In the pictures and videos of the victims of the Syrian nerve gas attack people do not behave as would be expected of such victims. The reported death toll rate is far below what one would expect of such an attack.
So let us suppose, for the sake of argument, that Bashar al Assad was not the perpetrator of these attacks. Even John Kerry said that it would be irrational for Assad to have done so.
The rebels themselves could have perpetrated the attacks or at least staged the videos to make it seem as if there were an attack. The UN has already determined that some previous attacks have been perpetrated by rebels. There are reports that the Aug 21 incident was an accident caused by the rebels. Further reports say that Saudi Arabia is supplying the rebels with chemical weapons.
John Kerry says that it would be irrational to assume the rebels did it, but offers no reasons for such a conclusion.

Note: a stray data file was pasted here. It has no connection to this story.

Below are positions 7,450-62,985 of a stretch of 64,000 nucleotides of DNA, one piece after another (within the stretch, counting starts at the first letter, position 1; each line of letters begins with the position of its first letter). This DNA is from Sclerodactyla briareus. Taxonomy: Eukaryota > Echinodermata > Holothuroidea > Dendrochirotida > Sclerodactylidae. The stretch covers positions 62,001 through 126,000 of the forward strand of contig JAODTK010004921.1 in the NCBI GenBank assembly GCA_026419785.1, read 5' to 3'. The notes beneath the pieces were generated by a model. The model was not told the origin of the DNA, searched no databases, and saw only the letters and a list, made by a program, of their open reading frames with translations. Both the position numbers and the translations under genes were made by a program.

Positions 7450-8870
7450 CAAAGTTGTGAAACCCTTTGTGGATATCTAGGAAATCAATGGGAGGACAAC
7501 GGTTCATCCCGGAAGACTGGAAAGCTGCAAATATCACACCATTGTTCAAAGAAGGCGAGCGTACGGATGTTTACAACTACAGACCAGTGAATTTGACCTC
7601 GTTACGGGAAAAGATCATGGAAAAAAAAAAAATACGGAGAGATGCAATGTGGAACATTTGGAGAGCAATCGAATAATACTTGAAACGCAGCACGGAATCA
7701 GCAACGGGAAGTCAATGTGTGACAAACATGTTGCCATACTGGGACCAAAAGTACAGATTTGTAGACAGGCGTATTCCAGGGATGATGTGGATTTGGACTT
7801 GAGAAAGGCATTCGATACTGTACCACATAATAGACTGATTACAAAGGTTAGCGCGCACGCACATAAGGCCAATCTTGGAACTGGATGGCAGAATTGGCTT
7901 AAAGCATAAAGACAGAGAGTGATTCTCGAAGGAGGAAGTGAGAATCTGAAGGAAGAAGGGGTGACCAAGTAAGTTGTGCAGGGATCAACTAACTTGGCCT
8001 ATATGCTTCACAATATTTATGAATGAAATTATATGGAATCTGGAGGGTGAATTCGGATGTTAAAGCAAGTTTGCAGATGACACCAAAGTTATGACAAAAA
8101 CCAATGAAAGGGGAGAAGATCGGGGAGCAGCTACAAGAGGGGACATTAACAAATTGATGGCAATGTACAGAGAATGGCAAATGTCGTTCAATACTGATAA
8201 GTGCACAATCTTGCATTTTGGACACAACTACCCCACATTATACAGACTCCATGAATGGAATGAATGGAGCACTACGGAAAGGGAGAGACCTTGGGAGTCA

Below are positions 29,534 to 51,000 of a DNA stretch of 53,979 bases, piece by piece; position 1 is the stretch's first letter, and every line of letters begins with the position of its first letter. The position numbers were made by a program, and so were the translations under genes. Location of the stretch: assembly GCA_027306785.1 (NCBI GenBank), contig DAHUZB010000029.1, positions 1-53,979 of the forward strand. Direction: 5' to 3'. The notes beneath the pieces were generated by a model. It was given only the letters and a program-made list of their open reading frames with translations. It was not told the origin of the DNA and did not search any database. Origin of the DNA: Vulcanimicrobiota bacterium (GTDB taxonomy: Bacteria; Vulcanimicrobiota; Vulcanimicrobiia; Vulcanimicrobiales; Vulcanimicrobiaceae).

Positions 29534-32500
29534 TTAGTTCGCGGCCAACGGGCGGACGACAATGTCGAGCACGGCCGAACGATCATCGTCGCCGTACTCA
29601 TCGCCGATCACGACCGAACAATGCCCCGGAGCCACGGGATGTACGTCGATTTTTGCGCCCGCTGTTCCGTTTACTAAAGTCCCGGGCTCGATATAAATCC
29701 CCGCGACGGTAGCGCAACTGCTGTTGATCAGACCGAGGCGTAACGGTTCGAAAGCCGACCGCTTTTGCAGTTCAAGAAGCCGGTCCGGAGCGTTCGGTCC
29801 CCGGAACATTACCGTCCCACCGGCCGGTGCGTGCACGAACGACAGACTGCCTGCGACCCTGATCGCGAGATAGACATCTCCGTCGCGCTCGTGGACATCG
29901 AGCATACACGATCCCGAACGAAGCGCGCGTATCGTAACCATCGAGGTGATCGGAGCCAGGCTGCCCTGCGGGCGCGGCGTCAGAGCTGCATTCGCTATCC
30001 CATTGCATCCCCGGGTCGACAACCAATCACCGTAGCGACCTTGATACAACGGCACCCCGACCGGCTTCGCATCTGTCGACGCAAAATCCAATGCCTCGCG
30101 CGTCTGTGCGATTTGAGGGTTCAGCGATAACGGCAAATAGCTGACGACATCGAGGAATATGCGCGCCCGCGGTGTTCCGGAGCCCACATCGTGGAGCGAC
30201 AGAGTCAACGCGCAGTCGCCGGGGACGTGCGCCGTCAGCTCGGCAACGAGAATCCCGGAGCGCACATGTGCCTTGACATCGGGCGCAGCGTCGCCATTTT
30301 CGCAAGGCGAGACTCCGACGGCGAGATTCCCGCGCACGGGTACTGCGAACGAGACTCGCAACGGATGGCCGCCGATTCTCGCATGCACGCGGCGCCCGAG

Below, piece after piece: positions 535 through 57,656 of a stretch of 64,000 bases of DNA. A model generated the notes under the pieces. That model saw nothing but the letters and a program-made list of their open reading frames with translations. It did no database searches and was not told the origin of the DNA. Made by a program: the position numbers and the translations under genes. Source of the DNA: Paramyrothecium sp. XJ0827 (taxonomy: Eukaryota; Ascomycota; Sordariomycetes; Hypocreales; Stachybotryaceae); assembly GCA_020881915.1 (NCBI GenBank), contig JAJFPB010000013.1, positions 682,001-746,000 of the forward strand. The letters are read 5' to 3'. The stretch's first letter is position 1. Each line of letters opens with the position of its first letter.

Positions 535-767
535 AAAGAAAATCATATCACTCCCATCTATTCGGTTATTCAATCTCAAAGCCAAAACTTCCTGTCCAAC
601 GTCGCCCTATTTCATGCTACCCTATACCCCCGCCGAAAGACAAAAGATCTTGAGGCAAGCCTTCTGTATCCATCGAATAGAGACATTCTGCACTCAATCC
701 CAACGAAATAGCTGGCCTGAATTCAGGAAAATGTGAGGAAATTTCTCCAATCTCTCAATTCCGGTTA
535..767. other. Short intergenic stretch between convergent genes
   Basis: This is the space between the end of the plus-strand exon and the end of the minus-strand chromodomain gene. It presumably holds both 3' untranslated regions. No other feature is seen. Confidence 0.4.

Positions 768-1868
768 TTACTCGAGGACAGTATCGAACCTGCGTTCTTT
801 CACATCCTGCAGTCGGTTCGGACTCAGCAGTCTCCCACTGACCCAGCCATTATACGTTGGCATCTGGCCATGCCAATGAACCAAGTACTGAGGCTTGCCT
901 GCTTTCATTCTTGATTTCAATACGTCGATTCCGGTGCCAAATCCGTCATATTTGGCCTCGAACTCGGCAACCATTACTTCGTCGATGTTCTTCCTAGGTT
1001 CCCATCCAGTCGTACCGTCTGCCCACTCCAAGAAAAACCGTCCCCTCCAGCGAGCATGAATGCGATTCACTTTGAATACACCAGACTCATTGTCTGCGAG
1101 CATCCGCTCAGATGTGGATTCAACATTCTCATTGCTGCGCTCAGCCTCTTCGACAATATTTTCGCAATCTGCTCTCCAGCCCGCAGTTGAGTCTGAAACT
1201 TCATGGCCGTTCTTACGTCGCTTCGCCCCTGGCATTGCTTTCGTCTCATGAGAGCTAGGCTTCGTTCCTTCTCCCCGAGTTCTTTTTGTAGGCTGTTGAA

After President Obama announced his red line, the rebels knew what it would take to drive the U.S.A to action. Now that the Senate hearings have elicited testimony that there could be further retaliation if the first one does not prevent another nerve agent attack, the rebels know exactly what they have to do to get us to make further attacks.
Is it irrational to think that the rebels now have control of how we manage our response to the Syrian civil war? Is this kind of control something that we want them to have?
So, if we must respond to the use of chemical weapons, let us make sure we punish the perpetrators rather than rewarding them with the response they seek. Let us at least wait for the report from the UN inspectors. If we do not get this right, we may be promoting the use of chemical weapons.
I wonder what President Obama is willing to risk to get his desired resolution from Congress. Is he willing to promise to resign if it turns out the intelligence analyses he is depending on are wrong? Is anybody in the CIA hierarchy willing to make such a promise?